PR Newswire: Students Unveil New Tool to Help The World Learn to Code (PRESS RELEASE). “The tool, known as Code Shrew, is the brainchild of Ludwik Trammer and Jamie Nunez. It uses a popular programming language called Python combined with drawing and animation capabilities to teach coding in a way that feels like doodling. Written code is reflected immediately on the screen, allowing users to make mental connections between what they type and how it changes their drawings.” The tool appears to be free. I played with it some and liked it enough that I made an appointment on my calendar to go through the lessons.


The New York Times: Europe Worries as Facebook Fights Manipulation Worldwide. “Facebook has spent the past two years trying to block foreign propaganda in the United States. But its disclosure of hundreds of fake accounts and pages, including the one tied to the Iranian-backed group, revealed that the foreign manipulation of elections through Facebook extends across the globe. Tactics used by Russia-linked groups ahead of the 2016 presidential election are being applied in Britain, the Middle East and Latin America. Europe, where Facebook has more users than in the United States, is particularly worried.”

Truro News: Truro man trapped in Google-age nightmare. “Life has never been easy for Donnie Bartlett. There was the depression and anxiety disorder, the short jail sentence for uttering threats — ‘years ago,’ he says, ‘a stupid thing, just my big mouth’ — and at least one failed business in Ontario. When he returned to his home town of Truro in early 2015 he was so penniless he ended up in a homeless shelter. But a story about his plight in The Chronicle Herald helped him get back on his feet. After a while things were looking up. His home renovation business was busy enough that he needed three other employees just to keep up with the work. Then, about three weeks ago, the phone calls started.”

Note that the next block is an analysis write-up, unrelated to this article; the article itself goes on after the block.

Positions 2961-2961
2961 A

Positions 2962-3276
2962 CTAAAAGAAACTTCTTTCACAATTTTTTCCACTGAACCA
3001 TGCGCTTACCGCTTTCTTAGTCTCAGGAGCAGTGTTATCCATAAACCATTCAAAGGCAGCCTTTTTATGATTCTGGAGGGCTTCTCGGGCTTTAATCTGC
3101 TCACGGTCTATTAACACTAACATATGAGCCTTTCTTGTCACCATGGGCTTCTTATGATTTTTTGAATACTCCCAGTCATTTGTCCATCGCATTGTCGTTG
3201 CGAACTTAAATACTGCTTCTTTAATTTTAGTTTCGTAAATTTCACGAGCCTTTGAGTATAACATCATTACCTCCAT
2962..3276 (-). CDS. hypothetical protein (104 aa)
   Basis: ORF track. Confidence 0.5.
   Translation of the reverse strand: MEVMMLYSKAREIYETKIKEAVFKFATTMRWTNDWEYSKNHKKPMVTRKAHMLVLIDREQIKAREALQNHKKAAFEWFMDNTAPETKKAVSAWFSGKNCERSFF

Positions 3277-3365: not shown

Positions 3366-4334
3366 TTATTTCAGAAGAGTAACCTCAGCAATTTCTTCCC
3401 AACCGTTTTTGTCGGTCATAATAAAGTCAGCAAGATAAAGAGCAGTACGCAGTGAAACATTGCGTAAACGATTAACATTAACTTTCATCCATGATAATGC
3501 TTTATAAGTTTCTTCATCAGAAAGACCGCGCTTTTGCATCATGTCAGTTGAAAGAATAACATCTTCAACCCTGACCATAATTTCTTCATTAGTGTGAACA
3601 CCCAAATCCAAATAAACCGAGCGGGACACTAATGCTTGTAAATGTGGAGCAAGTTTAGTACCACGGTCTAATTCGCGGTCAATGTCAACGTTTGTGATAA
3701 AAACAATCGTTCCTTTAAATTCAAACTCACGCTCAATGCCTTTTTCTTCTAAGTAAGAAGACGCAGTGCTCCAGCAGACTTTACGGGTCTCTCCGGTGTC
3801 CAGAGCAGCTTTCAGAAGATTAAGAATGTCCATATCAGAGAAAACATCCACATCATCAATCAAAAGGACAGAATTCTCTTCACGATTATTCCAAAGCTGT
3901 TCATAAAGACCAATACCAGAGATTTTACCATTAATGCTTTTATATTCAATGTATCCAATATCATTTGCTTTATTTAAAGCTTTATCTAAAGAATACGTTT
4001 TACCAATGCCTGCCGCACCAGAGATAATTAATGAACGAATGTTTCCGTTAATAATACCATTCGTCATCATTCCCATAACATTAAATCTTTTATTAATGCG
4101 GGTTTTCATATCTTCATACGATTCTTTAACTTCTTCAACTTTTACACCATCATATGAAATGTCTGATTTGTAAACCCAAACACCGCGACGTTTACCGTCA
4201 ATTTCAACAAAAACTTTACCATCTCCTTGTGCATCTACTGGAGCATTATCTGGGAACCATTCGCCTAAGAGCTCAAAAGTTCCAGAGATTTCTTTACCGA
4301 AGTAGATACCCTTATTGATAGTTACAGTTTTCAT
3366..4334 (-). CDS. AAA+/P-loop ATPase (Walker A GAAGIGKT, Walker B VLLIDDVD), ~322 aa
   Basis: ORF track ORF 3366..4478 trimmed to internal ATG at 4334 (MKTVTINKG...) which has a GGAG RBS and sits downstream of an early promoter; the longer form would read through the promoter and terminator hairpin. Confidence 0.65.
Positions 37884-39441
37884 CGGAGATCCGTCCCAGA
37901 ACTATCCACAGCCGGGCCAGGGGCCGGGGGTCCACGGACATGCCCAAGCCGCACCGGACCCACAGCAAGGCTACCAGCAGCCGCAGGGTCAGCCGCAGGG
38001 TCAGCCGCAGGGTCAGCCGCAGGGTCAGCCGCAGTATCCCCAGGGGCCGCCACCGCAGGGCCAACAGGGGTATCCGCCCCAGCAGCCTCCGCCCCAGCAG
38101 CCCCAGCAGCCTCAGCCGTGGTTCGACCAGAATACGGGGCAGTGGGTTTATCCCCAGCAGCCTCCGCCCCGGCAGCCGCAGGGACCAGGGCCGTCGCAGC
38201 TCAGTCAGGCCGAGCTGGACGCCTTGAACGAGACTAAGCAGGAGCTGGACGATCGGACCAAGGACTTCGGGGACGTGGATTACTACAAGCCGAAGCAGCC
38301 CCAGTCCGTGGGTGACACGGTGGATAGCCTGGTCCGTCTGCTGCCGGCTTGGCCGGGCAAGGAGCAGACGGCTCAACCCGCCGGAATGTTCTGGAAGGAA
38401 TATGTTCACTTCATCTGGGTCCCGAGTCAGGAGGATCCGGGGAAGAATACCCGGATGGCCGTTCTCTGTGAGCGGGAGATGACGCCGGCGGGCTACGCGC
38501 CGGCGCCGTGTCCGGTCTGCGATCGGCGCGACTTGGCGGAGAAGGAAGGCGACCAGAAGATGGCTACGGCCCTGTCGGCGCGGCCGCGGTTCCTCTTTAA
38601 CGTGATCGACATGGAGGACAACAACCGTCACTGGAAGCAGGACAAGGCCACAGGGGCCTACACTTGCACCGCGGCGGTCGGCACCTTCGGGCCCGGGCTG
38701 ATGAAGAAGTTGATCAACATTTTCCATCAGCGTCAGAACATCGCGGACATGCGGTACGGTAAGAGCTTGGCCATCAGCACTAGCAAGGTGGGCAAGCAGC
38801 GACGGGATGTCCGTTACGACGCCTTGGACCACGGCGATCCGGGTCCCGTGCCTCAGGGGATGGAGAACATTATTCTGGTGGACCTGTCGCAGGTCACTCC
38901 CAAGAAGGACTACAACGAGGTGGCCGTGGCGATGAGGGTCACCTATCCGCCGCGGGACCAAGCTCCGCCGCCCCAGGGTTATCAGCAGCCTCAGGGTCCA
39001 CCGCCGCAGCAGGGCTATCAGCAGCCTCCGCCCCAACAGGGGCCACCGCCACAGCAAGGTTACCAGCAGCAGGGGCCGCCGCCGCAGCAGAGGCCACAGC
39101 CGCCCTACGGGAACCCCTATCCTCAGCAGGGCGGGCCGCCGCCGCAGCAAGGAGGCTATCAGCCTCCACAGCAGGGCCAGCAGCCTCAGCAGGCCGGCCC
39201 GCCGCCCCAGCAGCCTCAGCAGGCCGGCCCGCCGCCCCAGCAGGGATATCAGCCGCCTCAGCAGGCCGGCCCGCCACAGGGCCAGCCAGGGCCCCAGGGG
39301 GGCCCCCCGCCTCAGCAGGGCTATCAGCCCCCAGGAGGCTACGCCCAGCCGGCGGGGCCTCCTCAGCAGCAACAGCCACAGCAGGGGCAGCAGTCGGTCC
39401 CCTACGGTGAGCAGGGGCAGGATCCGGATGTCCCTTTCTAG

Slate: There’s a New Social Media Site That Just Hurtles Your Life Updates Into the Void. “Finally, there is a way to ensure that your social media posts go where they belong: directly into the proverbial garbage can. It’s all thanks to a new (kinda) site called Brizzly, a simulacrum of a social media network that, like Twitter and Facebook, gives you a little box to fill with life updates but, in an improvement on both services, then takes your text and does absolutely nothing with it.”


CNET: Former Facebook security chief warns ‘it’s too late to protect 2018 elections’. “Former Facebook security chief Alex Stamos has issued a sobering warning about the continuing threat of foreign interference in US elections, saying it’s ‘too late to protect the 2018 elections.’ But he believes the 2020 election can still be saved.”

San Antonio Current: Feds Back Lawsuit by San Antonio Nonprofit Claiming Facebook’s Ads Discriminate. “Last week, a San Antonio fair housing advocate’s anti-discrimination suit against Facebook got a booster shot from two U.S. government agencies. The suit, filed in March by the Fair Housing Council of Greater San Antonio and three similar groups, argues the social media giant knowingly let landlords and property sellers run ads that filter out who sees them based on factors such as race, disability, religion and whether someone has kids.” Good morning, Internet…